Last year, a little press demo for Giant Spacekat’s debut title, Revolution 60, came out of nowhere and thoroughly entranced me. It was one of the most polished and well thought out samples of software (indie or otherwise) that I’d experienced in a long time. Revolution 60 became my most anticipated game of 2014, and I waited on the edge of my seat for it to finally drop. When it comes to upcoming titles, sometimes that initial excitement fades and the final product doesn’t live up to your internal hype, but Revolution 60 is a rare game that surpassed my internal hype and ratcheted up my excitement from “this game’s gonna be really cool” to “Wow! This game is [expletive deleted] awesome!”
Revolution 60 has been described as “Mass Effect meets Heavy Rain,” and I could not think of a more apt description. The game is story-driven, like Heavy Rain, and consists of watching cinematic scenes unfold and then influencing those scenes through various QTEs (Quick Time Events) requiring myriad finger slides and taps to move the action along. Several of these are timed, and “beating the buzzer” yields Proficiency Points that open up dialogue choice prompts. Like Mass Effect, Revolution 60 presents you with various dialogue and action choices that can influence your paragon/renegade alignment (called Professional and Rogue here) and which of two characters you form an alliance with.
The game is not all QTEs, though. There are also a ton of RPG-style battles throughout the game, and the battle engine is quite good. Melding the best aspects of turn-based and realtime battle engines, combat is viewed from a three-quarter view perspective and has both player and enemy grids, similar to those of Radiant Historia. You tap the square you want the protagonist (named Holiday) to move to and tap an on-screen button to fire her gun. There is a small charge time between blasts, so players continue to make her “dance” around the grid to avoid enemy attacks while planning her next strategic move. As hits connect, an energy bar at the bottom of the screen fills up like a Limit Break bar to open up special attacks. If Holiday is on the front row of her grid and aligned with the enemy, a blue circle appears around the enemy, and tapping it initiates slow-motion “bullet time” QTE combos to pull off special attacks. All this may sound awkward and complicated in writing, but it’s fast-paced, fluid, fun, and makes perfect sense in execution. Battles not only allow Holiday to level up, but also open up a branching skill tree so you can build her proficiencies as you wish. Patience is definitely a virtue during battles, as some of my split-second decisions resulted in some miscalculated movements and actions during battle.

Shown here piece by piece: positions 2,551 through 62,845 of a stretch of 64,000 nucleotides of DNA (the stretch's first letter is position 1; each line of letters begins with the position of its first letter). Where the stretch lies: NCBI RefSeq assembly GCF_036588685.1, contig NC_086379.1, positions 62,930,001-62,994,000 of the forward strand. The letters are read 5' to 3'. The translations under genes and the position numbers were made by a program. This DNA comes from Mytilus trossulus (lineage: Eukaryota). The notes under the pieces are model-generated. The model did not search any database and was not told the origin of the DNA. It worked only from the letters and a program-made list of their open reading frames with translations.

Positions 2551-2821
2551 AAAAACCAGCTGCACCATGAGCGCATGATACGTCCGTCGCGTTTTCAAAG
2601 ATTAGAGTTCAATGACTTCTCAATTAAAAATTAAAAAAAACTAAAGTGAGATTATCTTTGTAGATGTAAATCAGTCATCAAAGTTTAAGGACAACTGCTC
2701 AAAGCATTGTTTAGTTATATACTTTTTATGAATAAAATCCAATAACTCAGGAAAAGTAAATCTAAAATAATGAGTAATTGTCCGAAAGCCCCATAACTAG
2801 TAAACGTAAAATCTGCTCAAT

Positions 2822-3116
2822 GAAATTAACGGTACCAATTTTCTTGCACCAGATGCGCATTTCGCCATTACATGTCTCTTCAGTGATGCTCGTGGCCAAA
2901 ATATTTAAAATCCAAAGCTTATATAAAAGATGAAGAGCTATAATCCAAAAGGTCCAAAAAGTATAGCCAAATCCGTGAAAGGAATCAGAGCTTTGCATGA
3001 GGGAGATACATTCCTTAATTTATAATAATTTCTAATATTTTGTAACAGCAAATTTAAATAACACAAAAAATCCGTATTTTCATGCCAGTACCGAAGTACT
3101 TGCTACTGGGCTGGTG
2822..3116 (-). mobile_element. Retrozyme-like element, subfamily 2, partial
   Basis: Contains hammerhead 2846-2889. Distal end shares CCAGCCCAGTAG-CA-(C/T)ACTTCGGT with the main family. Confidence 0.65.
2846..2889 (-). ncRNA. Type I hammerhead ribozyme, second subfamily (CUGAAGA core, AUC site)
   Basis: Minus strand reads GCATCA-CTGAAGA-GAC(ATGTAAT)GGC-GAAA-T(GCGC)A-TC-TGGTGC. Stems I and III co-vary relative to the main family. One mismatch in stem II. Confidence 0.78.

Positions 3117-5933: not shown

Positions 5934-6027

Unlike some games of this ilk that drag you by the collar from one place to another, Holiday does get some leeway to explore her environments. When she can move around, green circles indicate where she should move next to advance the plot, whereas yellow circles indicate places off the beaten path she can explore. It is a good idea to explore these areas and pan the camera around, because there are lots of medical kits (for when you lose all HP in battle) to collect and several encrypted disks that can be given to either of the characters Holiday can form alliances with to increase favor.
The controls are tight, fluid, and responsive, making the game super fun to play. The menu interface is quite intuitive as well, with all necessary data easily accessible and easy to read. The game auto-saves at various checkpoints, so if you mess up a QTE, it’s easy to reload your last save and try again. There is some loading, but load times are fairly brisk and the loading screens contain helpful tidbits of information about the game, the world, the characters, and the developer, all of which are nice to read. The game also has two selectable difficulty levels (Beginner and Normal), and completion on Normal opens up the hardest difficulty, affectionately named “Girlfriend Mode.” A single playthrough can be done in a weekend, but the branching pathways allow for immense replay value. Up to five endgames can be saved in special slots, so you can choose which save to carry over into the sequel. The only downside to the replays is that previously played content cannot be skipped or fast-forwarded. I did not mind this too much, but other players may wish for battles to at least be skippable during subsequent playthroughs.
Revolution 60 has a very unique sense of style. Beauty is definitely in the eye of the beholder, because I think the game looks beautiful, whereas some of my peers disagreed. This sits well with me, because I can easily look at this game and immediately know it’s Revolution 60; it’s not another “me too” game in the looks department. The vibrant polygon world, with its detailed textures, has a colorful look similar to the Aspen MLT comic book Bubblegun (by Mark Roslan). The in-game graphics animate very well and the game looks lovely in motion, particularly in characters’ facial expressions. Some of the full motion video cutscenes aren’t as crisp as the in-game graphics, but they’re still pleasant to look at, fun to watch, and showcase plenty of cinematic action.